Many in the sport began to object to his methods and style. Some in high office were reluctant to act because they were in some way involved. Many athletes and officials became enmeshed en·mesh   also im·mesh
tr.v. en·meshed, en·mesh·ing, en·mesh·es
To entangle, involve, or catch in or as if in a mesh. See Synonyms at catch.
 in his operation. They were doing little wrong - unless that included unfairness.

In 1985 the minister for sport, Neil Macfarlane Neil MacFarlane or Neil MacFarlane may refer to:
  • Neil MacFarlane (footballer) (born 1977) is a Scottish professional footballer
  • Neil Macfarlane (British politician) (born 1936), British Conservative Party poliitician Member of Parliament for Sutton and Cheam
, set up a commission to discover what sums of money the British sports involved in the Olympics required. Norman put the case for athletics, although he twice refused to disclose to the commission the sport's wealth or how it was being used.

Norman organised the racing career of Ovett and they had a long friendship. Ovett paid a glowing tribute to him in his biography, but just after that they fell out. The runner was stunned and hurt when Norman, who had been the best man at his wedding, arrived at his Hove Hove (hōv), city (1991 pop. 65,587), East Sussex, SE England. It is a modern residential seaside resort.  home, not with his wife, but the javelin thrower Fatima Whitbread Fatima Whitbread MBE (born 3 March 1961) is an English former javelin thrower and multi medal-winner. Early life
Abandoned in a north London flat as a baby by her Turkish Cypriot mother, Whitbread spent many unloving years in and out of children's homes before finally
, whom Norman was to marry in 1997. The final spilt spilt  
A past tense and a past participle of spill1.
 in the Norman-Ovett partnership came when Ovett discovered that he was receiving a fee to appear in a British trial, when Coe, whose father looked after his affairs, was not. The Amateur Athletic Association The Amateur Athletic Association of England (formerly simply the Amateur Athletic Association) or AAA (pronounced 'three As') is the oldest athletics organization in the UK, having been established in 1880.  set up an inquiry and Norman's power was curbed, but not effectively. There was a similar outcome to an inquiry that he was involved in helping athletes to avoid drug tests.

The decisive event emanated from a feature about Norman, written by Temple in the Sunday Times in August 1993. It was a withering compilation of Norman's activities and the way in which he manipulated people and events to fit his own agenda.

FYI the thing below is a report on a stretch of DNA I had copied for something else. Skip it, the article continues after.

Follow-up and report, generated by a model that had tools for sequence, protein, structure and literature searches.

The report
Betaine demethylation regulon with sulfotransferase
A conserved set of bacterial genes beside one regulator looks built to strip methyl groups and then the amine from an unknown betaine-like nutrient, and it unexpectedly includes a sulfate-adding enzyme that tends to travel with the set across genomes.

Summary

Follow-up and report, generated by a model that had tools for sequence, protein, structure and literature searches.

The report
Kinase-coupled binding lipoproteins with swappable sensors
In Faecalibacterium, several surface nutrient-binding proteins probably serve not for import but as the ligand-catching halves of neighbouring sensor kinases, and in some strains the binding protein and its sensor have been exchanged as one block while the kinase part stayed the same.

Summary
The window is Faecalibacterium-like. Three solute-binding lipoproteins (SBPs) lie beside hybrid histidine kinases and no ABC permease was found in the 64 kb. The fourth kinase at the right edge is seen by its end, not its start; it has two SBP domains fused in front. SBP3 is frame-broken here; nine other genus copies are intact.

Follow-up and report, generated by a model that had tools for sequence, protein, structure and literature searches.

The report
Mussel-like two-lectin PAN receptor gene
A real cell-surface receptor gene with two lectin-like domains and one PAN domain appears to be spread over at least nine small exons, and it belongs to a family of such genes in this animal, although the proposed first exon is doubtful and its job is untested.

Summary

A month after publication of the article, at the world championships in Stuttgart, Norman, standing in a crowd of journalists and coaches in the warm-up area shouted, "Don't touch me, you pervert", when Temple brushed past him. Norman accused Temple of molesting female athletes, an accusation similar to one he had made against Steven Downes Steven Downes (born November 22, 1961 in Waterloo, London) is an award-winning sports journalist and television producer based in London. Early career
Initially specializing in track and field athletics and other Olympic sports, Downes covered his first Commonwealth Games
, a swimming coach, several years earlier. Later that month, in Brussels in a cafe with Neil Wilson For the Seventh Day Adventist, see .

Neil Wilson (born June 26, 1978 in Belfast) is a British figure skater. He competed in men's singles and won the gold medal at the British Ice Figure and Dance Championships in 1996, 1999, and 2002.
 of the Daily Mail, Wilson suggested it was "time to lay off" as Temple was in bad shape and suicidal because of his broken marriage, financial difficulties and uncertainty about his post at the Sunday Times. Norman replied: "If there is anything I can do to push him over the edge, I will." Wilson related this conversation when he subsequently gave evidence to the British Athletics Federation inquiry into Norman's activities which led to his dismissal.

After Norman was sacked he went to South Africa to revive his career there. His contribution to sport in Britain at a time of immense change was considerable, but he needed to be controlled, and for this omission British athletics officialdom remains guilty.

He is survived by Whitbread and their son, and a son and daughter from his first marriage.

· Andrew John Norman, police officer and sports administrator, born September 21 1943; died September 24 2007
Copyright 2007
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Date:Sep 28, 2007